What is “Progressive die metal stamping”?
Progressive die metal stamping's advantage?
As the industrial age progressed a need for volumes of consistent, interchangeable, metal parts emerged. Metal stamping was born to fulfill this need. Progressive Die metal stamping was a significant improvement allowing machines to operate on a continuous cycle and producing a part with every stroke of the punch press machine without interruption. Progressive Die stamping is traced back to about 1900 and grew to become a widely practiced manufacturing technique in the 1950’s. Thousands, or millions, or exactly the same part could be manufactured quickly and efficiently.
While there have been many refinements to this art, the basic concepts that existed over a hundred years ago still prevail. Here are the basics.
A progressive die is a tool which fabricates metal again and again into a consistent manner. A progressive die has multiple stations, or places where work is performed and the finished part is created in steps as it progresses through the die.
We start with a strip of steel, or aluminum, copper, most any metal. The material is fed into the punch press, and through the progressive die, in exact increments, or progressions. Every stroke of the press feeds the same length of material.
The progressive die is placed into a punch press machine, a machine that has a ram which travels up and down in a very precise and controlled manner. There are many sizes and styles of punch presses which are often rated by how much force they can excerpt.
As the material “progresses” through the die different actions can be performed. We can punch holes through the material. Those holes can be round, or complex. We can bend parts of the metal at different angles. We can squish the material, or coin it, to make it thinner. We can draw the material, stretching it to change elevations along a plane. Progressive dies can also make multiple parts at the same time, thus yielding more than one part per stroke of the punch press. Progressive die designers are really only limited by their creativity, using the physical properties of the material to produce parts from the seemingly simple, to the very complex.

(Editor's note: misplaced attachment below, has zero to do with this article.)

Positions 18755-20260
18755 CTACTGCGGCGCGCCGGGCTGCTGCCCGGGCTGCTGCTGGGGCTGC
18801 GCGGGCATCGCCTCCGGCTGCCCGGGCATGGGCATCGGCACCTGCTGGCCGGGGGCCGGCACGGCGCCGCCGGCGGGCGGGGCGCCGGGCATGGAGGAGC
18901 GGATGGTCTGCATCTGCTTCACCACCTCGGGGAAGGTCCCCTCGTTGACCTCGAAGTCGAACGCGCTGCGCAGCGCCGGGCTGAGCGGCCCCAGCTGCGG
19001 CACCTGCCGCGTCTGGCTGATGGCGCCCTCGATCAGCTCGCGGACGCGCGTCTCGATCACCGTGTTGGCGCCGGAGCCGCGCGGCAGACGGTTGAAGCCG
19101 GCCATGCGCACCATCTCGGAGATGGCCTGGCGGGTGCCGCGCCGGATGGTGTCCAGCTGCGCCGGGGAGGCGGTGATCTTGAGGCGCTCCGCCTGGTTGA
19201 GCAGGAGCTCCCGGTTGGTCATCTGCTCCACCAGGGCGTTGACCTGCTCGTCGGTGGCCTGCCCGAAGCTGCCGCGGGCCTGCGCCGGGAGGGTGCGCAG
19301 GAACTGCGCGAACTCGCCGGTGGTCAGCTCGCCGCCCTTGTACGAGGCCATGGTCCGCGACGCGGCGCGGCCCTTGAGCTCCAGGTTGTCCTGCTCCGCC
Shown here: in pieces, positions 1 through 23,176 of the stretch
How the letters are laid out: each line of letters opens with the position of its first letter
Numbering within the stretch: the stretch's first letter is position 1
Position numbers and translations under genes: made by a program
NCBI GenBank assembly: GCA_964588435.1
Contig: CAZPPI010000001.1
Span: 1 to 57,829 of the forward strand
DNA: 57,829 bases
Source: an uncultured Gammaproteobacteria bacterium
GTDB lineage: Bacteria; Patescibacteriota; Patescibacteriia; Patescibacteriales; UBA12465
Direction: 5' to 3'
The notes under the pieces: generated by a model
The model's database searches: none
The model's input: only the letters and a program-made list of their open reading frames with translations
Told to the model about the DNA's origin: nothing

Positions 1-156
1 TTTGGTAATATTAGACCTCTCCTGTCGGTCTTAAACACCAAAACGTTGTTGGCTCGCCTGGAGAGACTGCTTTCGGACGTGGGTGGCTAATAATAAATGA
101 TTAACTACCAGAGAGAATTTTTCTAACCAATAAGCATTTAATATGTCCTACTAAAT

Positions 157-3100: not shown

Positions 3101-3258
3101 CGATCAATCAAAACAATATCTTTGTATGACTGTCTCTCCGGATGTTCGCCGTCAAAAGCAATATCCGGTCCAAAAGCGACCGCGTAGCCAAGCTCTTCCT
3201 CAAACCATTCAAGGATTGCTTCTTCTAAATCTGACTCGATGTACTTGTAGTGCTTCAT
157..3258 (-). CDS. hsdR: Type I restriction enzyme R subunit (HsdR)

This part is made on a progressive die. Note how the strip changes as it “progresses” along the stations. You can see how the metal is manipulated into the final part.
Here is another example. This example shows complex holes as forms in this 11 inch diameter ring. Notice how the material is drawn up giving this part two intricate working planes. Exacting tolerances, holding dimensions to sometimes a few thousandths of an inch can be maintained using progressive die metal stamping.
Parts from the very small, like electrical components where a thousand pieces fit into the palm of your hand, to body panels for automobiles are made using progressive die metal stamping.
The speed at which progressive dies smash out parts can be lightning fast, to slow and deliberate, with each part being an exact duplicate of the part before.
Progressive die metal stamping is a very economical and time efficient method for producing large quantities of identical parts.